This is a good sermon. Paul compliments his listeners. He tries not to offend. He establishes his main point—the oneness of God. Paul explains God’s greatness in terms his listeners understand. He quotes two of their poets. He keeps his remarks brief. We might expect Paul’s message to bring the house down.
That’s why I suspect that Luke includes this story, in part, to encourage preachers. For preachers who wonder if anyone is listening, most of the sermons in Acts are disheartening. After Peter’s sermon at Pentecost, 3,000 join the church. Peter’s next sermon leads to 5,000 decisions. Those numbers are astonishing to everyone and depressing to preachers. Paul’s sermon in Athens is as good as Peter’s sermons in Jerusalem, but the reaction to Paul’s sermon is lukewarm at best: a few offer to listen to him again if he’s ever back in town.
We might guess that they do not like the section on repentance, but Luke says the crowd interrupted Paul when they heard of the resurrection (v. 32). Paul’s audience of philosophers does not know what to do with the idea of God raising Jesus from the dead because that puts Paul’s God above the other gods. They don’t like the suggestion that the God revealed in Jesus is greater than all the gods they worship, and certainly would balk at the idea that this God is the only God. The Athenians love to talk about religion, but they do not want to limit their choices. The problem they have with Paul’s sermon is that it is centered in the belief that there is only one God.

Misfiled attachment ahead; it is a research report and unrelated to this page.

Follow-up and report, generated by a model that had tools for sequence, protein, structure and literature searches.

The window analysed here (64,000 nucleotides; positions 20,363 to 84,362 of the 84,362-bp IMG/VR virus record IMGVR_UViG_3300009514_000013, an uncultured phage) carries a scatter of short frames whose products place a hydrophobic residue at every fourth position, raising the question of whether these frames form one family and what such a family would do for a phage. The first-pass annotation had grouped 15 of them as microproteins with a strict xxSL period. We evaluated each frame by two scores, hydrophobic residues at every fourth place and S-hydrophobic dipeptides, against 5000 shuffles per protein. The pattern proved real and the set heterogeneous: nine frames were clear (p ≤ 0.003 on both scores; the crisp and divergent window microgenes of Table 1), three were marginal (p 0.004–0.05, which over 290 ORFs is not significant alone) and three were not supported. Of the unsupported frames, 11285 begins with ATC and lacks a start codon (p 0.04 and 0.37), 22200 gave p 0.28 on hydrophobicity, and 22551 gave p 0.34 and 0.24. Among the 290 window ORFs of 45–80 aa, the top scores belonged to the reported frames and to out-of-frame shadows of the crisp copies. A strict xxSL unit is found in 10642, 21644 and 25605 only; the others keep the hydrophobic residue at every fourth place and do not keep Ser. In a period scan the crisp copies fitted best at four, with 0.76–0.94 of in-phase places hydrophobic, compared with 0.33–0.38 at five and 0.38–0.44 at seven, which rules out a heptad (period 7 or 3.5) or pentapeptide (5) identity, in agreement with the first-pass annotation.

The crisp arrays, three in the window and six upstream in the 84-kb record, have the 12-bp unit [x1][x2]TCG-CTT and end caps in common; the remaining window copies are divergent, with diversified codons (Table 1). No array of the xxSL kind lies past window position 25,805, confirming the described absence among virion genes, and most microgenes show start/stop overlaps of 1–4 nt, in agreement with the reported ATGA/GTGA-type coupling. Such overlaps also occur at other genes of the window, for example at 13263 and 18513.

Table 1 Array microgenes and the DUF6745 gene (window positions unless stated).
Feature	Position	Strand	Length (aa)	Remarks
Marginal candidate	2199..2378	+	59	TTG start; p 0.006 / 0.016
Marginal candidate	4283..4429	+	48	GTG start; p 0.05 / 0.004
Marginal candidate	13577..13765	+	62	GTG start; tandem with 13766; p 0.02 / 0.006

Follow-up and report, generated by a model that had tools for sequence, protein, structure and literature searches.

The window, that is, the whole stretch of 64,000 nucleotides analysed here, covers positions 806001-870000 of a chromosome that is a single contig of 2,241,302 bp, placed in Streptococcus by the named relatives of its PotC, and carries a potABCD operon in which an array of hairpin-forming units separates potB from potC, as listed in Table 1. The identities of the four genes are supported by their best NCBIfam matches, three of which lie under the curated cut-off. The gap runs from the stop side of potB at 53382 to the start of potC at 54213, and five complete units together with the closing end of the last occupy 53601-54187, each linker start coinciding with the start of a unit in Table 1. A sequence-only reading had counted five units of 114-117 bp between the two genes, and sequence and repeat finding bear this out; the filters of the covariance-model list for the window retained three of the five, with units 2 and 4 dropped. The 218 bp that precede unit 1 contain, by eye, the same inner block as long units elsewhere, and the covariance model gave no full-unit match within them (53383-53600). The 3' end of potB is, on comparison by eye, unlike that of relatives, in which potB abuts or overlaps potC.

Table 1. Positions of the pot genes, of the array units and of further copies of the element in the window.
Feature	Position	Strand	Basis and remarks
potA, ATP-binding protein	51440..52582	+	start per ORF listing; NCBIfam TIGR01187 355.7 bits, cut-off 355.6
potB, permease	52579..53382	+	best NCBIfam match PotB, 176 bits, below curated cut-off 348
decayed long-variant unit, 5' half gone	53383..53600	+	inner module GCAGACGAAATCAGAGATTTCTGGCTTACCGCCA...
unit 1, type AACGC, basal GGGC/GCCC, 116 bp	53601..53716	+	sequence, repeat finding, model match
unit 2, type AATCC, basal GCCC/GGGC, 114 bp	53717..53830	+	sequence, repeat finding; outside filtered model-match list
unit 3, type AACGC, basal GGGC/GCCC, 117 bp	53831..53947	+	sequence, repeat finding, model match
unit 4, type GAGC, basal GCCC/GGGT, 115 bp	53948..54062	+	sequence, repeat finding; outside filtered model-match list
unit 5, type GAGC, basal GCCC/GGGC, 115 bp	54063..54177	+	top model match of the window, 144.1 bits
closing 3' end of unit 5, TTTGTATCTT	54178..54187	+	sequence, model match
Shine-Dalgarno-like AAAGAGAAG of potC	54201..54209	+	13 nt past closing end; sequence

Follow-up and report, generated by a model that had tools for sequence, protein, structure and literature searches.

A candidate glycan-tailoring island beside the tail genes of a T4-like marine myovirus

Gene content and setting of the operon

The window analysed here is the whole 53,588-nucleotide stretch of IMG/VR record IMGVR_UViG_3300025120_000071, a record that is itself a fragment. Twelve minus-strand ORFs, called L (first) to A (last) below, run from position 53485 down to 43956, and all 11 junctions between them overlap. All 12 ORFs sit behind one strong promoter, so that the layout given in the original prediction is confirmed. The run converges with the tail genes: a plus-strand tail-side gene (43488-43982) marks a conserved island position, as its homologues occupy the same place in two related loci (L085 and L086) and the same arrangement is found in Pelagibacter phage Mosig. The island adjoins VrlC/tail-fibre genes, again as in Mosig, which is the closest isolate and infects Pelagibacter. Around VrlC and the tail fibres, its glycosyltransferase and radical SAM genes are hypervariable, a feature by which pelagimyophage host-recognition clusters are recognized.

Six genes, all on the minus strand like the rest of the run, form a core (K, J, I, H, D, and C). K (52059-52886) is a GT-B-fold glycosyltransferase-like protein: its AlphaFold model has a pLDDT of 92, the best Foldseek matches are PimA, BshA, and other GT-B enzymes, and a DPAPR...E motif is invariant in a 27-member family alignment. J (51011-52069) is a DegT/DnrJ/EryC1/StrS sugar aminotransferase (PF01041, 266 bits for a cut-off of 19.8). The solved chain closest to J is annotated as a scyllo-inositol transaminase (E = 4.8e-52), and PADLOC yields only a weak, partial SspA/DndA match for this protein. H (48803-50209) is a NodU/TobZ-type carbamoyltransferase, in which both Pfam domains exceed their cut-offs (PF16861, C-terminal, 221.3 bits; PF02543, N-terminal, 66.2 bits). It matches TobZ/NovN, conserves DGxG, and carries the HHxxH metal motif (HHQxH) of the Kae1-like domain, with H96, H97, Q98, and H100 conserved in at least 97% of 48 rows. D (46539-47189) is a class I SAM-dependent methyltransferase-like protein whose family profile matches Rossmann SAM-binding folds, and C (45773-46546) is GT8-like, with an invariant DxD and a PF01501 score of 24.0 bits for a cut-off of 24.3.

Every day we look for life in a variety of places. We need to recognize that God is the one source of everything that is good.
How do you look for life in the wrong places?
God, help me to see that you are the one who gives hope, joy, and love. Amen.